Cord Jefferson and Ryan Coogler on Their Unlikely Climb to the Top

Cord Jefferson

Cord Jefferson wears Jacket and Shirt Brunello Cucinelli. Pants Dior Men. Watch (worn throughout) Cord’s Own.

Cord Jefferson spent the early part of his career freelancing as a journalist and at one point editing for Gawker. So he has a hard time believing that today, he’s sitting in a production office on Melrose Avenue being interviewed by Ryan Coogler, the award-winning director of the Black Panther movies. But that’s reality when you successfully make the leap into Hollywood, first as a TV writer (Jefferson won an Emmy for his work on the HBO series Watchmen), and now as the writer and director of the best picture contender American Fiction, a searing satire about a disgruntled writer, played by Jeffrey Wright, who decides to do something about the publishing industry profiting off Black tropes. How exactly did he do it? Ryan Coogler finds out.


RYAN COOGLER: Good to see you, bro.

CORD JEFFERSON: You too, man. I don’t know if you know this, but I interviewed you—


JEFFERSON: For Fruitvale Station [Coogler’s 2013 debut feature]. 


JEFFERSON: Yeah, like six years ago when I was still doing journalism. 

COOGLER: That’s crazy, dog. 

JEFFERSON: Yeah. I wasn’t even working in TV yet.

COOGLER: Did you know you wanted to do this?


COOGLER: When did you know? 

JEFFERSON: It took me a long time to be able to think of myself as an artist. Growing up, I didn’t know anybody who made art for their career. I knew people who played in bar bands on the weekends or were hobbyist painters, but I didn’t know anybody who was an artist. That felt like something that people in New York and L.A. did. I was a kid in Arizona. My parents didn’t have a bunch of money. It felt like something that was out of my reach. So I started out in journalism, I think, as a way to scratch that creative itch.


JEFFERSON: I was always interested in film and TV, but it felt like there were so many barriers to entry. I lived in L.A. and I didn’t know anybody who worked in the industry. I was always like, man, I wish I could do that one day maybe, but I didn’t know how. The only reason I started working in TV is because a guy reached out to me who’d read some of my journalism and asked me if I would come work on his TV show.

COOGLER: Who was he? 

JEFFERSON: A guy named Mike O’Malley. The show was called Survivor’s Remorse.

COOGLER: LeBron’s show. 

JEFFERSON: Exactly. That’s the only way I got into TV. Otherwise, I don’t know if I’d be here right now.

COOGLER: Did Ludwig do the music for it?


COOGLER: Ludwig Göransson [the composer who scored Coogler’s Black Panther movies]?

JEFFERSON: He may have, yeah. 

COOGLER: That’s what’s up, man. So, you were doing journalism. 

JEFFERSON: Yeah. I thought I’d go to law school or get my master’s in journalism. I just never felt like I could do it. I think that’s why I’m interested in people like you who knew from a young age that they’re going to do this. 

COOGLER: It wasn’t really like that for me. I feel like I didn’t know. 

JEFFERSON: Really? When did you decide that you wanted to be a filmmaker?

COOGLER: Probably 19. 

JEFFERSON: Did you start at USC?

 COOGLER: No, I was a football player, bro. I went to Sacramento State. I was on a football scholarship there, so I got to it weirdly. And at 19, I didn’t feel young, because in football years, 19 is middle-aged. I had a teacher read something that I wrote and he was like, “Hey, you should write screenplays.” I would do it on the side while I was doing my regular major. But it was also having to put down football, having to reckon with it. Because once I decided I wanted to do movies, I knew I wanted to do them right away. So, I had to stop playing football.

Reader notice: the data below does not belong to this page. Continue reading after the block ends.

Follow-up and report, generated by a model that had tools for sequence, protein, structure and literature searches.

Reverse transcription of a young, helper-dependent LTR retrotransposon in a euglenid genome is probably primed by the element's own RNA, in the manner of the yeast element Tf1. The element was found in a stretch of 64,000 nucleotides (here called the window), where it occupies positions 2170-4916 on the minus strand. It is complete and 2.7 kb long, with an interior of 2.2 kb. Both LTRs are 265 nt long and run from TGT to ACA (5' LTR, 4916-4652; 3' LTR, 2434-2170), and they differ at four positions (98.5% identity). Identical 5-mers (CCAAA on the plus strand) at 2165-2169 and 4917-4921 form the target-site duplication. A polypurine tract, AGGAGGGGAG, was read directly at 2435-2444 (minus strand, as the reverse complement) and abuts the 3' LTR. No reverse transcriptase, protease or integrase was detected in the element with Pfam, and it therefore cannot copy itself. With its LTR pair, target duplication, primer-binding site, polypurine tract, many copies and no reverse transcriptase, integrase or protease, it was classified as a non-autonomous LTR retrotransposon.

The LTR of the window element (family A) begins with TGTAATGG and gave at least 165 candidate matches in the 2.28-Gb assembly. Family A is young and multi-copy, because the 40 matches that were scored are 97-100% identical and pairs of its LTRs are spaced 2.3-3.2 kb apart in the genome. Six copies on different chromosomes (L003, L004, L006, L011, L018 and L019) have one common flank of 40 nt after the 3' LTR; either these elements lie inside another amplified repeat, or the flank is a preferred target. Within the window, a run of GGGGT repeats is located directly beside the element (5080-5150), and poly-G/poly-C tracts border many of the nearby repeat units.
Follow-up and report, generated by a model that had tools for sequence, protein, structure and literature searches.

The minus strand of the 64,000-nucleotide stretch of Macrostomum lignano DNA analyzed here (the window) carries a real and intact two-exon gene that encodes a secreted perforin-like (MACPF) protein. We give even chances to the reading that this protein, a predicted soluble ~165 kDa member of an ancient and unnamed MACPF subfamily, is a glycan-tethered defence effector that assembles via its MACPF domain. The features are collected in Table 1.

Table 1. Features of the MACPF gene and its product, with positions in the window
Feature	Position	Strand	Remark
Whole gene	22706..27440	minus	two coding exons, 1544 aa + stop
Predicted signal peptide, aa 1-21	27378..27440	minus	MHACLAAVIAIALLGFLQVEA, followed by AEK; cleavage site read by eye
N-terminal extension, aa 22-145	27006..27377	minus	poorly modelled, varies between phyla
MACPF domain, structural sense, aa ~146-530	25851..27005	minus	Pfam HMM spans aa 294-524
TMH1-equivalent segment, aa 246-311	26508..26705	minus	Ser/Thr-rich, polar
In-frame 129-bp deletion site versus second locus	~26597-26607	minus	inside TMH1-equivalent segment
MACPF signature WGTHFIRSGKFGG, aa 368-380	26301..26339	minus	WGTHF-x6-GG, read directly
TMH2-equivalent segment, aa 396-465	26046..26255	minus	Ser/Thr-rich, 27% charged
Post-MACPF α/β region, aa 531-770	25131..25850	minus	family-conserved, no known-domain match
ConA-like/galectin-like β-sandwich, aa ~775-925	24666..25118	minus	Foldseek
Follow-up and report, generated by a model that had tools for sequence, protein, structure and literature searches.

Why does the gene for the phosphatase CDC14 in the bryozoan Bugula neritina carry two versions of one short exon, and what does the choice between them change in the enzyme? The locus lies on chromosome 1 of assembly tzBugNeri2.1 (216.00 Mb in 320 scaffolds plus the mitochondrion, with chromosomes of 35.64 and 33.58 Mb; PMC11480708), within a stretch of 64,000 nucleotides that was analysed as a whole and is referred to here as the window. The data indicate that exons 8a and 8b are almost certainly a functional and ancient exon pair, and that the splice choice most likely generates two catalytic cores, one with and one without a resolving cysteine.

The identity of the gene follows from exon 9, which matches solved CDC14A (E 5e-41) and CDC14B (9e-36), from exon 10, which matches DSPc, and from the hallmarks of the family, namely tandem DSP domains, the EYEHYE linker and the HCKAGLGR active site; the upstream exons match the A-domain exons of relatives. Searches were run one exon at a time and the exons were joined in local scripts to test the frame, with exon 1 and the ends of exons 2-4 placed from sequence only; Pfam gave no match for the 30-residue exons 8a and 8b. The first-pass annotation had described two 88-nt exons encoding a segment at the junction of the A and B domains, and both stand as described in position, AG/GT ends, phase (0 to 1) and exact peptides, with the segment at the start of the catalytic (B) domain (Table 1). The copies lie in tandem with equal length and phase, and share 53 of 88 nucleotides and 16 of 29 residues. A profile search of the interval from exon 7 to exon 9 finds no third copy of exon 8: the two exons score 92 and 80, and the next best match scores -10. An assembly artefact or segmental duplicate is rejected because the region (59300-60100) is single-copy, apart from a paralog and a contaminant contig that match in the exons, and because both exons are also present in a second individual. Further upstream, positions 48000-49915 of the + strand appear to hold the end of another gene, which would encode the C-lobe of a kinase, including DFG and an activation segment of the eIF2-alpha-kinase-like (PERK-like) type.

COOGLER: I got done playing my last college game and got accepted to film school while I was finishing that season.

JEFFERSON: I really wish I would have tried this earlier, because I’m 41 now and I finally found the thing that I love to do. It took me a long time to get here, and I want to keep writing fiction and screenplays, but writing and directing this movie was the culmination of all these things that I love. But what if I had started when I was 19? Would I be better at this? Down that path lies madness, because if I made a movie when I was 21 it would have been terrible and people wouldn’t have let me direct again.

COOGLER: Yeah, bro. This movie’s great.

JEFFERSON: Thank you. 

COOGLER: It feels like the type of movie that doesn’t get made anymore, which makes it so much more special.


Cord Jefferson

Sweater, Shorts, and Shoes Prada.

COOGLER: Bro, I’m not a journalist. This is my second interview today. I just got done interviewing Jordan [Peele].

JEFFERSON: Oh, really? Amazing! 

COOGLER: Yeah. One thing he was talking about was timing. When Get Out came out the timing of it was incredibly advantageous. I feel like that about this movie. 

JEFFERSON: Absolutely. 

COOGLER: It’s a movie for grown-ups, when those aren’t really getting made anymore. I’m thrilled that it’s coming out in theaters. Having seen it in a theater full of grown-ups, it’s a very wise movie, bro.


COOGLER: The film is about wisdom, in a way. I found it to be about a guy that’s almost too smart for his own good. He knows it and his family knows it.

JEFFERSON: [Laughs] Absolutely. 

COOGLER: What do you do with that? What do you do with an almost painful amount of knowledge that’s keeping him from enjoying life? It had that energy to it that only cinema can hold. You can’t put that in an article or a book. Only cinema can hold that feeling. 

JEFFERSON: Yeah. When I watch the movie, I see a lot of anger. I had this therapist who said this thing that I think about all the time, which is, “Anger is not a real emotion. Anger is a secondary emotion, particularly as it pertains to men, because anger is either fear or pain.” Specifically for men who have a hard time saying, “You hurt my feelings,” or, “I’m afraid.” Instead, what they do is lash out and scream and fight and break things. I started thinking about that as it pertains to my life, and I was like, “Holy shit, that’s true.” Every time I find myself getting angry these days, I always try to stop and think, “Okay, what’s the actual emotion?”